THE HUNGER GAMES by Suzanne Collins

(I had some tech issues with my blog this week, but I’m back in business now. Phew.)

41bOj-am1RL._SY344_BO1,204,203,200_Our April mother-daughter book club read was The Hunger Games by Suzanne Collins. (Perhaps you’ve heard of it?) Yes, I managed to make it until 2016 without reading this juggernaut of a book, which is the first of a best-selling trilogy and a blockbuster movie that pretty much everyone other than me has seen. I decided to include it in the mother-daughter book club list this year because my daughters had been asking about reading it, and I figured that I would read it with them.

The Hunger Games takes place in a dystopian future. What was once North America is now a country called Panem, which is made up of a Capitol surrounded by twelve districts. The Capitol keeps the districts in line through controlled deprivation and an annual event called The Hunger Games. In the Games, each district sends a boy and a girl to compete in a televised fight-to-the-death in which only competitor can survive. In District 12, a sixteen year-old named Katniss volunteers to compete when her younger sister’s name is drawn in the lottery – the ultimate sacrifice.

The Hunger Games is a stressful book. As a reader, you feel the ever-present brutality of the Games on every page. Some of the deaths are pretty gruesome. But the violence, while considerable, is manageable, at least in book form. Katniss is a formidable heroine – smart, physically strong and stoic. One of the main themes of the book is her relationship with the other competitor from District 12 – Peeta. She and Peeta ultimately decide to work together to help each other stay alive, and concoct a plan to ensure that they don’t have to try to kill each other at the end. The question, of course, is whether Peeta and Katniss can garner enough viewer and sponsor support to make it through the Games, and whether The Capitol will be persuaded by their story to allow them each to live.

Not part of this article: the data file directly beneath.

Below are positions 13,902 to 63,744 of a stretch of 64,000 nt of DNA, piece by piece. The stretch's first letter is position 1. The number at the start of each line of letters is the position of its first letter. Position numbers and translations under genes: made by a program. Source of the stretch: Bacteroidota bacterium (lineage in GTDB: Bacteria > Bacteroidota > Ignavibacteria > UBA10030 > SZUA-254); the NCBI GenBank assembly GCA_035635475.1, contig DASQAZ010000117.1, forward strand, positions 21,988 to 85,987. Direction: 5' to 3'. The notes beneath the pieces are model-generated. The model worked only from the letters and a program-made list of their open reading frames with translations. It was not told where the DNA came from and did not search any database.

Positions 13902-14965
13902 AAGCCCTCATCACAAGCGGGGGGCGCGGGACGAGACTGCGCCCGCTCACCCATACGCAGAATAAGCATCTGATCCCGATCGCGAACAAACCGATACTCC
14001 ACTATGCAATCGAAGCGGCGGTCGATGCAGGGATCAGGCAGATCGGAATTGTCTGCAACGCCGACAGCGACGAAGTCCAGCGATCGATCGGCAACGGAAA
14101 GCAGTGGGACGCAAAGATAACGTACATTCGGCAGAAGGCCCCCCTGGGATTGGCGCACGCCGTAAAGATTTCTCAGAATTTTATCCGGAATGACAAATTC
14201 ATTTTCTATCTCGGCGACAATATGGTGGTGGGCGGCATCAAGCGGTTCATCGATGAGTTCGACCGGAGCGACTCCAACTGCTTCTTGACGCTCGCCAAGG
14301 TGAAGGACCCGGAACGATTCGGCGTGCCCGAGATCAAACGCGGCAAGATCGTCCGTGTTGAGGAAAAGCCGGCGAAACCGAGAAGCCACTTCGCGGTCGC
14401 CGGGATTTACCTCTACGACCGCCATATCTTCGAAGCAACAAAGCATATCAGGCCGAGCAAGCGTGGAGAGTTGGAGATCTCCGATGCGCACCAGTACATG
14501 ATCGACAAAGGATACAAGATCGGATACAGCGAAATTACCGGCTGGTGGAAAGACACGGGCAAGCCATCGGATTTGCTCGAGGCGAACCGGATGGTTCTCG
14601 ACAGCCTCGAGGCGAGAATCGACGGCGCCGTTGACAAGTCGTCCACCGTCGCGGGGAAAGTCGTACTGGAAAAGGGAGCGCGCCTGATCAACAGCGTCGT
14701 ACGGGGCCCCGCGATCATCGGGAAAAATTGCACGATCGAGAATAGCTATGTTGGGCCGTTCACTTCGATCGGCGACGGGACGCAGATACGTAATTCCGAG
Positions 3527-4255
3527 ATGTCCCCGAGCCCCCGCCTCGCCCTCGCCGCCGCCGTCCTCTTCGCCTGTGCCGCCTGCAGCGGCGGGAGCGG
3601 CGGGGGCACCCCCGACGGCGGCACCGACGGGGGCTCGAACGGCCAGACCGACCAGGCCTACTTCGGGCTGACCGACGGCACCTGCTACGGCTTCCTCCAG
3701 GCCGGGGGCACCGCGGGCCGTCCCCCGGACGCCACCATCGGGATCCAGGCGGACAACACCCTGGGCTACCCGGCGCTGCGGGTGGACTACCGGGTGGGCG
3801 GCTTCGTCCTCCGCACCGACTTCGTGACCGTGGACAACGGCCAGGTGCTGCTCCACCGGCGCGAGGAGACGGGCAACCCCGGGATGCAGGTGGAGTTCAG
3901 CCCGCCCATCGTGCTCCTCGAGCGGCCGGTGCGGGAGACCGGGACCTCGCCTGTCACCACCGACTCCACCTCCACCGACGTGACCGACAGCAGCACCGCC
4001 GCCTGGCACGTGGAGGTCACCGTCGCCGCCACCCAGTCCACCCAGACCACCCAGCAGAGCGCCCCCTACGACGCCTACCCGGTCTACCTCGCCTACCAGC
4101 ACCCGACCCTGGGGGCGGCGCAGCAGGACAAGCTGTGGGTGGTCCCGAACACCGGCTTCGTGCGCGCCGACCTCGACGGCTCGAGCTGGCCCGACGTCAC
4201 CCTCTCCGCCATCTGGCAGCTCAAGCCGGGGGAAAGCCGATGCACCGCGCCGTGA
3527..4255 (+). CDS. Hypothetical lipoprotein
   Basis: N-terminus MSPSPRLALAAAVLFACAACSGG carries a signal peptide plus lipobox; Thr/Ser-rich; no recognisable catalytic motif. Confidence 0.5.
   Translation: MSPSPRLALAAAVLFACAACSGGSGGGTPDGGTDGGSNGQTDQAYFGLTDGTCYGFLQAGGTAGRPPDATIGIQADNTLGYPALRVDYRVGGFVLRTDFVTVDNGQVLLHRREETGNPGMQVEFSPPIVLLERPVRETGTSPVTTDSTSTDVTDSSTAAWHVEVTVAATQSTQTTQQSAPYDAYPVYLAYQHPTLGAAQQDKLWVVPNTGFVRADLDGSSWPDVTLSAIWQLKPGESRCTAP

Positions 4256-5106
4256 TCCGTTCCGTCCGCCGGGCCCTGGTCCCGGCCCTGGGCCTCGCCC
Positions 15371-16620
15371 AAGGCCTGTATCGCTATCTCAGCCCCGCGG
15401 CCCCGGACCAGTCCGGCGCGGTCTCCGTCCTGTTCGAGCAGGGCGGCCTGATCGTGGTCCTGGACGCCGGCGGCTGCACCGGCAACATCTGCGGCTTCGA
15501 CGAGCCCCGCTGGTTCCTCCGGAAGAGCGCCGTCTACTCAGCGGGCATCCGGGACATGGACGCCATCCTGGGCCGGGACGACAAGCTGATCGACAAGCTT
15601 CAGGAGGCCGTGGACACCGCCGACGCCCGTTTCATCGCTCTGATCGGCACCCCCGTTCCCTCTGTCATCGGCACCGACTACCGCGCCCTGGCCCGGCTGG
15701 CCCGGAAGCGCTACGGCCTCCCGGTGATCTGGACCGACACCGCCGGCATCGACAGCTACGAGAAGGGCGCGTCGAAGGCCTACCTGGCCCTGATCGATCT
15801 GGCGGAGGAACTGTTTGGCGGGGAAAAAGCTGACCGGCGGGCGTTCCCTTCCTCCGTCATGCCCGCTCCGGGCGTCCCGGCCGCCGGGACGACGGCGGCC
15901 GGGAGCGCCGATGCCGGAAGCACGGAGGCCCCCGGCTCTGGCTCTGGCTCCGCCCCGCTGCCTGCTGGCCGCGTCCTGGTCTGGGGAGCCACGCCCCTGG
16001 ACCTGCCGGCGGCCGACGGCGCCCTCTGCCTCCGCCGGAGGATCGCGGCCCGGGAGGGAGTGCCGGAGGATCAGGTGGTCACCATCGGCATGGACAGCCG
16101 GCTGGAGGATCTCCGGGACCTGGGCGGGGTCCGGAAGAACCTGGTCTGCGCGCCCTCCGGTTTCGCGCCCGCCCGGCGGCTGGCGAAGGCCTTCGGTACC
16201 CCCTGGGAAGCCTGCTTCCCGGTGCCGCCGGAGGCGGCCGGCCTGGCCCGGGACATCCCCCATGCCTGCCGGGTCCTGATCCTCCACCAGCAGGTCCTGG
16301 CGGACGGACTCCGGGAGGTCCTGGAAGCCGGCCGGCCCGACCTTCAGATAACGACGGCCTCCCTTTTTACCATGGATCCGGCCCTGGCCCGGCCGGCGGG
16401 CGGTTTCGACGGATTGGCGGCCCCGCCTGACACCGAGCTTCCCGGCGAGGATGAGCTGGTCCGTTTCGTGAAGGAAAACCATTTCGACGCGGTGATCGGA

I am impressed with Suzanne Collins’ ability to conjure this bleak society yet make it feel like a place that we can relate to today. The reality TV/mass entertainment aspect of the Games really hit home for me and made me embarrassed for the hours of reality TV I’ve watched over the years. While people may hate the Games and what they represent, they tune in and watch. Their allegiances and reactions impact the outcome, which is partially in the hands of the Gamemakers. How much has reality TV anesthetized us to violence and danger in the name of entertainment?

I found The Hunger Games more stressful than my daughters did. They really liked it, and picked up the sequels immediately upon finishing it. I have a hard time with any book in which kids’ lives are in danger, so this one ranked high up there in the stressful/disturbing camp for me. My daughters didn’t have as hard a time with the violence. Maybe it seemed too unrealistic to them?

We had a good discussion of the book at our meeting – we covered a lot of questions, including several about loyalty, strategy and what the girls would do if they were in the same situation at Katniss. We also discussed Peeta and Katniss’ relationship (was it for real?) and The Capitol’s motivation in holding the Games every year.

I’m glad I read The Hunger Games and will likely take a look at the sequels and the movies too. I can understand why it has done so well.

 

One comment

  • April 18, 2016 - 9:08 am | Permalink

    I felt like the plot of this book was taken right from Battle Royale so I’m the one person who didn’t really care for it. I had the sequels and gave them away.

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